The ultimate guide to freezing Christmas leftovers

The ultimate guide to freezing Christmas leftovers

Ham and turkey, pavlova and trifle, plates of salads and seafood – a lot of time and money go into making a Christmas feast.

We love to have a mountain of food at Christmas time, but because of this, it is estimated that the amount of food wasted doubles in December.

This year, instead of throwing away your leftovers when you can no longer handle another ham sandwich, freeze them. You may be surprised just how many Christmas foods can be frozen such as cooked turkey, ham and your Christmas pud.

Freezing your Christmas leftovers will save you food and money, as well as allowing you to enjoy your Christmas treats for months to come.

Check out our comprehensive list of what Christmas foods can be frozen so you’re prepared to deal with your leftovers on Boxing Day. Make sure you stock up on good airtight containers and freezer bags in advance!

Tips for freezing leftovers:

– Meat


Ham for freezing

Slice ham off the bone and wrap small portions tightly in cling wrap. Place in re-sealable bags. Freezing ham may mildly affect the texture, so it may no longer be great for sandwiches but will be perfect for using in things like pasta, pies and quiches. You have up to two weeks in order to freeze your ham.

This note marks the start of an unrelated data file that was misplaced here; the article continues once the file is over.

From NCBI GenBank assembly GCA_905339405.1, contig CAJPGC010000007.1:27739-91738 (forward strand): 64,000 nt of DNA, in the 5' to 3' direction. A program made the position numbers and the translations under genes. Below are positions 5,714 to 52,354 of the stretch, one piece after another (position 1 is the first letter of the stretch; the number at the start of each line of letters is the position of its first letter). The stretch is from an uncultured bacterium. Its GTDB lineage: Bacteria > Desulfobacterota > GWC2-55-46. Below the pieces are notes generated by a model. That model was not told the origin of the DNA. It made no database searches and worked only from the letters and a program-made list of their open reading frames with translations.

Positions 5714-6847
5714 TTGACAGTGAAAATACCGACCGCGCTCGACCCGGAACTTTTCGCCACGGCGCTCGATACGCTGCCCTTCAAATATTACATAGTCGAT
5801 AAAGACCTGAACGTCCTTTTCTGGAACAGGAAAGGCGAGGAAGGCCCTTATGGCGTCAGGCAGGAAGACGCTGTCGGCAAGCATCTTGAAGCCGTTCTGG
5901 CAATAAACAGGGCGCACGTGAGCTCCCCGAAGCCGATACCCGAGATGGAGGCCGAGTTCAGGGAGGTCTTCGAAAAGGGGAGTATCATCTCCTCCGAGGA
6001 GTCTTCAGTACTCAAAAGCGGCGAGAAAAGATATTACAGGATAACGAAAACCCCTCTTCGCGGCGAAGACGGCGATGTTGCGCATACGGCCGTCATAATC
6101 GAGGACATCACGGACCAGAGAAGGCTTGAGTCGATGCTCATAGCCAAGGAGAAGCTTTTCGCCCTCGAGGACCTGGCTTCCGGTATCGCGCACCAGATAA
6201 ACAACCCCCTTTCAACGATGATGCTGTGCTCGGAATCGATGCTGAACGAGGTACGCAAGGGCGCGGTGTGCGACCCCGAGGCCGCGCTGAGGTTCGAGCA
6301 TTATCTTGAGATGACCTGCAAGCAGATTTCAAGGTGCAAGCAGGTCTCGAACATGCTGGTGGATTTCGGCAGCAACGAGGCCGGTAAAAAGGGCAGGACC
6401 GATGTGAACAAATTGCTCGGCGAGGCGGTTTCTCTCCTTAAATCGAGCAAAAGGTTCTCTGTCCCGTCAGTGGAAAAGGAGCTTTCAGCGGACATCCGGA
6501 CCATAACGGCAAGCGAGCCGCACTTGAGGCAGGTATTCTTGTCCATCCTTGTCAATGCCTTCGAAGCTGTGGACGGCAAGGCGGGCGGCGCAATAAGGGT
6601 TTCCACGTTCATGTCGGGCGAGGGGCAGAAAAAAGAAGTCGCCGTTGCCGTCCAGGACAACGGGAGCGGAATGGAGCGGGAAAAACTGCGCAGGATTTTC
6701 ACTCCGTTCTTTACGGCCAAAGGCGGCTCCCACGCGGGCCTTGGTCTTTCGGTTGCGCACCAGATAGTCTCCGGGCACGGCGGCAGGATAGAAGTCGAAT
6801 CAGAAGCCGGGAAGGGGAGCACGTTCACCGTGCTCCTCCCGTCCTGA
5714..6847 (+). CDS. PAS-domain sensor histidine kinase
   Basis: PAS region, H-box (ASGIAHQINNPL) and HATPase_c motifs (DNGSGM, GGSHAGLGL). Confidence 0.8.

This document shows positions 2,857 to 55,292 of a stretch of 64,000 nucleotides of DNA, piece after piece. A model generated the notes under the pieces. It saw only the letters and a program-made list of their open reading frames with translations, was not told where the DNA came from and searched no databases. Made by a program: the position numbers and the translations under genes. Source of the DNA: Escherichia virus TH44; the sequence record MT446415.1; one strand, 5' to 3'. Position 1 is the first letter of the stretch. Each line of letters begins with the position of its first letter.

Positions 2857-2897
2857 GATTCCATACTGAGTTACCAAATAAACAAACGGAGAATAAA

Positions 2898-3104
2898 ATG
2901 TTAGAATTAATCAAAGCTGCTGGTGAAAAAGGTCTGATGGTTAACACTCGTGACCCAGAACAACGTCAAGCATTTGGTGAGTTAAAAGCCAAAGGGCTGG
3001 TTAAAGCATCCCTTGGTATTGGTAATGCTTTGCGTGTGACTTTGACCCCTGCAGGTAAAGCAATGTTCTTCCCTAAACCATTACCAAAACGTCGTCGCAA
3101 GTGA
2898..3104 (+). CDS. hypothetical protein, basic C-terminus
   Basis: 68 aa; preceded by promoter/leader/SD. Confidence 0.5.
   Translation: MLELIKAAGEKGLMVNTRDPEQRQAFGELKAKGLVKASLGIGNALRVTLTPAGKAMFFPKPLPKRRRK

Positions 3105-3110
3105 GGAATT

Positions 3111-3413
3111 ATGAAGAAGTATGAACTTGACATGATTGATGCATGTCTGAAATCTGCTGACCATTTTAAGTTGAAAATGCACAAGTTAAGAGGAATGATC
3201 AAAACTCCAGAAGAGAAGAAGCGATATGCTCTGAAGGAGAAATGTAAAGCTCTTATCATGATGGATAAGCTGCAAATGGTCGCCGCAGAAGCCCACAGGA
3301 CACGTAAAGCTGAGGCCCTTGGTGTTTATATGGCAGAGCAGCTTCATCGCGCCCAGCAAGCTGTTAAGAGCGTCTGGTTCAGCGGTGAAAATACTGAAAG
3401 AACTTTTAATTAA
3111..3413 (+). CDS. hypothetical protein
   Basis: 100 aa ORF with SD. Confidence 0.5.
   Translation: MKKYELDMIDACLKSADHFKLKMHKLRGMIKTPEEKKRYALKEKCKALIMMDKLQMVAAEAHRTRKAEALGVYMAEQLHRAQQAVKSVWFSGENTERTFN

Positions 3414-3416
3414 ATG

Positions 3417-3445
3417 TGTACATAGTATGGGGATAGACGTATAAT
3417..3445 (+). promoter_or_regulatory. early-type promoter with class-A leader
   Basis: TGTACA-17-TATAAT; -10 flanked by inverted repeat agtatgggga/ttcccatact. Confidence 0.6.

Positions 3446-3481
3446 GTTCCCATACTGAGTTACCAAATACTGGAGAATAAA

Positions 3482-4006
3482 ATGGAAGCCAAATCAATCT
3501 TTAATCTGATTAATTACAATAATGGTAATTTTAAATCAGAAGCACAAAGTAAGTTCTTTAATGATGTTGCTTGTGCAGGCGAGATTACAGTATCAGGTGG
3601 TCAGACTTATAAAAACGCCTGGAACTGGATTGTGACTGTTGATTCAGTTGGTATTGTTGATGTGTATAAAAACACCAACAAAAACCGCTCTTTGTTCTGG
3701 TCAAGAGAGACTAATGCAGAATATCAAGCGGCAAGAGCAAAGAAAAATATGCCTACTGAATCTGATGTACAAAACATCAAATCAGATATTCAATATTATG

Freeze the ham bone to use in winter to make soup.


Turkey can be frozen and then used as you would use cooked chicken. Remove the meat from the bones before freezing. Keep the bones and carcass to make stock. Check out our 8 recipe ideas for using up leftover turkey.

Other cooked meats

If lamb, beef or chicken is on the menu at your place, you can freeze the leftovers as you would for turkey or ham. This works best for roasted meats as you may find that barbecue meats dry out a lot once reheated. When you are reheating meat that has been frozen, make sure you heat it until it is piping hot.


Seafood is always best when it is fresh, so aim to eat it on the day you prepare it. The exception is things like smoked salmon or other fish, which has been cured so that it will last well in the fridge.

– Sides



Cooked vegetables can be frozen to be eaten at a later date. Depending on the vegetable, freezing them may change their texture once they are thawed. Use them in pies, soups or stews.


Potatoes – whether boiled new potatoes or roasted ones – can be frozen. Alternatively, use them while they are fresh to whip up a potato salad.

Bread rolls

As the freezer is the best place to store your bread, it’s a no-brainer that you can freeze your bread rolls. Even if they have gone a bit stale, chuck them in the deep freeze – you can use them to make garlic bread, breadcrumbs or bread-and-butter pudding.

Green salad

Green Salad

If you freeze a lettuce-based salad you will end up with a limp, watery mess, so we don’t advise it. It is best to eat salad the day you make it. Tip: don’t add dressing to a salad until just before you are about to eat it, otherwise it will go soggy and limp, and won’t last well. For something different, use leftover salad in rice paper rolls.